"A very powerful and emotional book...Schwartz does an amazing job capturing the fear and heartache Brendan, and his family, undergo as he battles cancer in hopes of survival. I highly recommend this novel as it puts everything in perspective and will make you count your blessings. Five stars."
Tri-State YA Book Review Committee
"An excellent hi/lo portrayal of the physical and emotional effects of leukemia. The teen characters are believable and the writing is powerful."
Library Media Connection
"This fast-moving book would be well-suited for reluctant readers at the high school level."
"Has the ability to hook reluctant readers of both sexes as its main character struggles to accept his illness and the limitations it poses on his life, while offering hope for his survival physically and spiritually."
"Schwartz captures the awkwardness and pain of those dealing with such a diagnosis, especially the patient...In this emotional entry in the Orca Soundings series, Lark's sweetness and wisdom spin out on a trajectory that readers just know will not end happily for her, even though Brendan knows she has touched his life mightily."
Children's Literature - Renee Farrah Vess
Brendan was dancing through life with success in his personal life, the basketball team, and his grades. But all of that seemed meaningless when he was diagnosed with leukemia. His parents cry in his presence, print-outs about leukemia litter the house, and Brendan just feels plain awful. Always a team player, Brendan now finds himself alone with his experiences and thoughtsseparated from everyone in his life. In his newly melancholy state, Brendan is both relieved and startled to make a friend named Lark in the hospital. Her leukemia is more advanced than his own, but she can help Brendan battle nausea with her iPod, and share her first-hand experience of drug side effects and physical changes. Despite his best efforts to darken Lark's world, she only responds to him positively, having already battled her own demons. By learning about leukemia and everything his body must endure, Brendan's mind and outlook also undergo a change. He goes from seeing leukemia as his death sentence to leukemia as a mere setback in his life. A bittersweet and personal look at children dealing with cancer, as the book presents medical knowledge about leukemia. Reviewer: Renee Farrah Vess
VOYA - Christina Miller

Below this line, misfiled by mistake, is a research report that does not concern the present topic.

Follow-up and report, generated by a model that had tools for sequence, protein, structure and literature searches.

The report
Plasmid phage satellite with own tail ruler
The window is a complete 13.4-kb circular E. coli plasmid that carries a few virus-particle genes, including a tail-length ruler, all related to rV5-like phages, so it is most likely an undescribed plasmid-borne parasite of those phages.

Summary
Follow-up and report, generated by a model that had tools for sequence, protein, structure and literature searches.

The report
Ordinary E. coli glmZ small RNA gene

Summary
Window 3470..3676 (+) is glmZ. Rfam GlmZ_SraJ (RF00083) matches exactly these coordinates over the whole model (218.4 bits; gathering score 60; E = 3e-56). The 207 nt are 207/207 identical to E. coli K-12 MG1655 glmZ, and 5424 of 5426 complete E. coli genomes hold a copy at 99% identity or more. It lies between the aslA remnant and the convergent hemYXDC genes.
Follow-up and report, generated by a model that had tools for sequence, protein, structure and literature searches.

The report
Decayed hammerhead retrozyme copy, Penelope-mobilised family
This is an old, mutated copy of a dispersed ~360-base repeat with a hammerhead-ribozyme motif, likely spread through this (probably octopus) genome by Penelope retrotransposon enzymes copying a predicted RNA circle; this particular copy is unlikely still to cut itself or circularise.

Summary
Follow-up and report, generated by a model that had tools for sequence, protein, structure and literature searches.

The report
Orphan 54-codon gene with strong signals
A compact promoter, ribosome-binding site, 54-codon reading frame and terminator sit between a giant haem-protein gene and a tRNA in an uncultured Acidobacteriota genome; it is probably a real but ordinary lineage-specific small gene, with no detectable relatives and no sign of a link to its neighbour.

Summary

At the start of Schwartz's high-interest/low-reading-level Cellular, high-school senior and basketball team captain, Brendan, learns he likely has leukemia. From its opening pages, the novel is striking in its rejection of the appeals to reader sympathies one might expect from a teen "cancer book." Brendan's first-person narrative carries the reader from diagnosis through chemotherapy to remission. That Brendan exhibits feelings of isolation, anger and fear is unsurprising and, indeed, realistic, but that he is completely belligerent and uncivil to everyone but fellow-cancer patient sixteen-year-old Lark and their nurse, Harj, is rather more difficult to swallow. Brendan resents the fact-finding of his mother, the despair of his father, and the pity of his schoolmates; he neither feels nor shows any appreciation for their well-intentioned but awkward gestures. Brendan and Lark become close, and with Lark's help, Brendan begins to face his fears and realize what an "asshole" he has been to his family and friends. Schwartz perpetuates the stigmatization of female sexuality, juxtaposing Brendan's girlfriend's promiscuity with an implausible asexual whirlpool encounter with Lark. Schwartz depicts Brendan's turmoil and negativity with a complete lack of the humor and optimism that make other teen "cancer books" bearable and probably more accurate. It does not help that Schwartz's medical facts are awry; 7/3 chemo is not used for ALL, priapism is a more common presentation than impotence, and cousins are unlikely marrow donors. The book seems somewhat unrealistic and contrived. Reviewer: Christina Miller
School Library Journal
Gr 9 Up—People are diagnosed with leukemia every day, but Brendan Halleran, 17, never thought it would happen to him. At first, he felt as if he had the flu, but then things started to get worse: bruises, weight loss, etc. Now, he has to have intense chemotherapy and just feels like giving up. He meets Lark, 16, in the hospital—she's there for a "last chance" bone-marrow transplant. Lark teaches Brendan how to live in spite of his diagnosis. Schwartz packs a lot of intensity into this slim novel, touching on the reality of what having cancer is like for teens, physically and emotionally.—Sherry Rampey, Independent Youth Services Library Consultant, Gaston, SC
Read an Excerpt
"I'm afraid I have bad news, Brendan. It's leukemia."
It goes right by me. I don't even hear it. I'm so prepared to hear anything else—a virus, mono, meningitis, even avian flu—that it's only when my mom gasps that my mind backs up, rewinds the tape, and I actually hear what he just said.
I'm going to die.
It can't be.
It must be someone else.
Will it hurt?
Leukemia is for pathetic-looking bald kids with big eyes. Leukemia is for wasted bodies lying in hospital beds. Not me.
Is there treatment? Is there a cure?
I'm going to die.